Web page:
Updated: July 20, 2014 at 10:52 am
DENVER — On July 20, 2012, a man wearing police-style armor killed 12 people and injured 70 during a midnight showing of "The Dark Knight Rises" in the Denver suburb of Aurora. James Holmes, a former neuroscience graduate student, pleaded not guilty by reason of insanity in the shootings. His attorneys say he was gripped by a psychotic episode. Here are things to know on the second anniversary Sunday:
—THE TRIAL: Now scheduled to start Dec. 8 after three postponements. The first was when prosecutors said they would seek the death penalty; the second, when prosecutors asked for a second state sanity evaluation of Holmes; the third, when a doctor doing that exam asked for more time.
—JURY SELECTION: Seating 12 jurors and 12 alternates will take months. Judge Carlos A. Samour Jr. will issue a summons to 6,000 people and expects 3,300 candidates. They'll fill out questionnaires and undergo questioning.
—OUTCOMES: If found guilty, Holmes could face the death penalty. If found not guilty by reason of insanity, he would be committed indefinitely to the state mental hospital.
—HOLMES: The 26-year-old sits quietly in shackles during hearings and stares straight ahead. He no longer has the vacant, wide-eyed stare of his first hearings. Whether he could tell right from wrong in the shooting — the key finding of the first sanity exam — wasn't released. But the judge agreed with prosecutors that the doctor was biased and ordered a second exam that's due Oct. 15.
—SURVIVORS: Tom Teves, of Phoenix, lost his son, Alex, 24. He's frustrated by the slow progress. "That individual (Holmes) has a multitude more rights than any of the victims," he says. "I think it's (the grief) like carrying around a big weight. You get stronger carrying it around, but it never gets lighter." Tom Sullivan, of Aurora, lost his son, also named Alex, 27. Sunday is Alex's birthday. "There are still a lot of people out there who are hurting," Tom Sullivan said.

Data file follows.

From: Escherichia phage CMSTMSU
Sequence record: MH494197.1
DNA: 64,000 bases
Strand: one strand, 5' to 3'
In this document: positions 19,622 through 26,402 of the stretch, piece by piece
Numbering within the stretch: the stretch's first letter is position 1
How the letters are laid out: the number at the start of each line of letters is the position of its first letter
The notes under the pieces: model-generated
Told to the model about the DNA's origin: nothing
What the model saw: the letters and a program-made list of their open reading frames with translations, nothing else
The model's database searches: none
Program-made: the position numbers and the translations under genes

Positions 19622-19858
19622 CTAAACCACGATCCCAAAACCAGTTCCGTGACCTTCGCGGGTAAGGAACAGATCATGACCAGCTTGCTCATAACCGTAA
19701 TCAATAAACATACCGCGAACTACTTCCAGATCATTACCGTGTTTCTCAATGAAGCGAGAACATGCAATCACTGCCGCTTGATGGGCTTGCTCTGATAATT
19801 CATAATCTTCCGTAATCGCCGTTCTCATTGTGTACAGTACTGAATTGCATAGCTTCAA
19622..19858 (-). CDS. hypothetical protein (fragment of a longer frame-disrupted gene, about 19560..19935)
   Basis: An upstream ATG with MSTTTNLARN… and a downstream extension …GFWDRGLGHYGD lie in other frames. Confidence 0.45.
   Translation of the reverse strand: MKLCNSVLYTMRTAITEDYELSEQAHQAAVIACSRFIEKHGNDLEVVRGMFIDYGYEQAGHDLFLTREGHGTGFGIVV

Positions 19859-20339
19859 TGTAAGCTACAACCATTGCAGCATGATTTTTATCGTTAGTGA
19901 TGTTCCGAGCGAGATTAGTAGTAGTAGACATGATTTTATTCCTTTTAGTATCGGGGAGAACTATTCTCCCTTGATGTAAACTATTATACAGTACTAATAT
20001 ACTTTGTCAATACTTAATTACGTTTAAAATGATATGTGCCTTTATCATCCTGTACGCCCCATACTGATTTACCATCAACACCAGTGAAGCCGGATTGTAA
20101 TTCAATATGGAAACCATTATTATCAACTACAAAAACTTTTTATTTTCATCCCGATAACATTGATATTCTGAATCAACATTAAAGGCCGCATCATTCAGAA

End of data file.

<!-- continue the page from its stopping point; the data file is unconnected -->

—THE THEATER: The former Century 16 was renovated and renamed the Century Aurora. It opened its doors to victims of the attack in January 2013 with a remembrance and a special showing of "The Hobbit." Theater 9 is now an XD theater with a wall-to-wall screen.
—THE ANNIVERSARY: This year's commemoration is lower key. Aurora Strong Resilience Center, set up to help residents deal with trauma, holds events on coping and will hold a Day of Remembrance. The Potter's House church across the border in Denver will dedicate a stand of trees in honor of the dead.